Company to pitch solution for New London's 'missing tooth'
New London — If downtown were a smile, the hole in the ground at 174 Bank St. would be its missing tooth, New London attorney William Sweeney says.
Sweeney, who represents New York-based multifamily housing developer Vessel Technologies Inc., is expected to come before the city’s Planning and Zoning Commission on Thursday with a solution to fill that longstanding gap.
He has asked the commission to consider a request to modify zoning regulations and allow for construction of a 20-unit apartment building to fill the narrow 0.2-acre parcel.
More specifically, the application is for a zone regulation amendment to allow for new single-use buildings to be constructed in the central business district, an amendment Sweeney said is tailored for this spot and would apply only to vacant lots in the district. He said 174 Bank St. is one of 14 such parcels but nearly all of the rest are occupied by parking lots.
“This is really a tool to take that tiny sliver lot and be able to do something,” he said.
Current regulations allow only for mixed-use buildings downtown. The typical building on Bank Street has retail space at street level and apartments above. Residential units are allowed at street level but not facing the street.
“While the typical requirement to maintain commercial storefronts in the SBD-1 District is important to protect the integrity of existing buildings in downtown, it actually creates unnecessary obstacles for infill development, particularly in this somewhat unique situation,” Sweeney said in his application.
Sweeney said the spot, located in a flood plain, has been vacant for decades, become blighted and is occupied by exposed foundations from a failed prior project. Any permits issued for that work are long expired.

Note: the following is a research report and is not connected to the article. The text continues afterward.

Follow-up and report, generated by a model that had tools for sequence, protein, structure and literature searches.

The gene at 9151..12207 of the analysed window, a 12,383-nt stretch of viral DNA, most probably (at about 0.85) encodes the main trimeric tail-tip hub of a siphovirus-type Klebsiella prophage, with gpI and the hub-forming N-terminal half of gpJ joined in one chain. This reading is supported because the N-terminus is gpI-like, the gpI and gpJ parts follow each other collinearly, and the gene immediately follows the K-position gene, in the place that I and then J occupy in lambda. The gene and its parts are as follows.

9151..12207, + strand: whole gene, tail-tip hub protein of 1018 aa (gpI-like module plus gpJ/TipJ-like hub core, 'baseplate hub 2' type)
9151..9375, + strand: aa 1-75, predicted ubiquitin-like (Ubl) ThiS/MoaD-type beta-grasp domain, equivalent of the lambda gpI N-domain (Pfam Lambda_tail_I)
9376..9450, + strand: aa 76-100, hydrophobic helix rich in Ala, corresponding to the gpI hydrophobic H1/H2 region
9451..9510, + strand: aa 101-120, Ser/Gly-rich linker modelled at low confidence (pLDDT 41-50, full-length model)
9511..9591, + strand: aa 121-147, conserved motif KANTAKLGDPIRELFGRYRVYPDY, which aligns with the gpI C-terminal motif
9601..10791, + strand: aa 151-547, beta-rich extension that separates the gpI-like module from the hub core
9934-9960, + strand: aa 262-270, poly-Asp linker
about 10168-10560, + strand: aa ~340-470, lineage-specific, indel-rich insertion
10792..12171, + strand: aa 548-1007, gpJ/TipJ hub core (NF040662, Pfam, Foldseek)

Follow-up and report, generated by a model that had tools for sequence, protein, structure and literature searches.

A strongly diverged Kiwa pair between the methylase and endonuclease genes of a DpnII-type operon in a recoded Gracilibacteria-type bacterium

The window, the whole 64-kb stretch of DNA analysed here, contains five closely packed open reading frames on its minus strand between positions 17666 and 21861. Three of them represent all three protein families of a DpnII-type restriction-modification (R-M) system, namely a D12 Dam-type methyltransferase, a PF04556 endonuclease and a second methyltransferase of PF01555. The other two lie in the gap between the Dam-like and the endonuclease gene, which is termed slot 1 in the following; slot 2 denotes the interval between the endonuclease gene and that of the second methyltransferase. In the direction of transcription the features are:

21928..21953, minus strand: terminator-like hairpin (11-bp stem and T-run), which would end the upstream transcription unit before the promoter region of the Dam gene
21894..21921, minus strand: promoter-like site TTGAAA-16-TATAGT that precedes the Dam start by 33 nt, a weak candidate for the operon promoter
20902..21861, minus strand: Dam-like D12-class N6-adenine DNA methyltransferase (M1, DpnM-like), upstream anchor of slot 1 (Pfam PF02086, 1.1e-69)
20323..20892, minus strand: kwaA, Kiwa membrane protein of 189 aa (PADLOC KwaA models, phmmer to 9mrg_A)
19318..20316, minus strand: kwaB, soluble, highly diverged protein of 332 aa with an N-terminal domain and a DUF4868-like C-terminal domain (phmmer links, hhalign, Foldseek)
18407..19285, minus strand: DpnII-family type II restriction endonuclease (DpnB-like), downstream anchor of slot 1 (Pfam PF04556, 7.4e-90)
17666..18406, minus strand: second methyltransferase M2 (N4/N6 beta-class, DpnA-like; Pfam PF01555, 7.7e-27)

It’s been marketed for years but without someone to figure out a way to get a return on such a difficult piece of land. Vessel Technologies, if the changes are approved, would use its proprietary modular system to construct the building, “luxury accommodations with state-of-the-art energy efficient building systems and materials but offered at an attainable rent to local residents.” The system is designed for small and constrained urban parcels “where traditional development techniques fail to provide feasible infill development options.”
Vessel Technologies has entered into a purchase contract with the property owners, 174 LLC.
Mayor Michael Passero said he was early in his firefighting career with the city and recalls a fire destroyed the building that had stood at that location. He said he recalls it being the former Book-A-Zine, a shop that sold an array of pornographic movies and magazines. The shop relocated after the fire.
Passero said he recognizes 174 Bank St. has been a “next to impossible” parcel to develop. “It’s just such a small lot, to be able to get a return on your investment is difficult,” he said. “The economy has had ups and downs and after over 30 years, nothing. This should be considered a rare opportunity.”
Passero said there might not be another opportunity to "fill that missing tooth in downtown."
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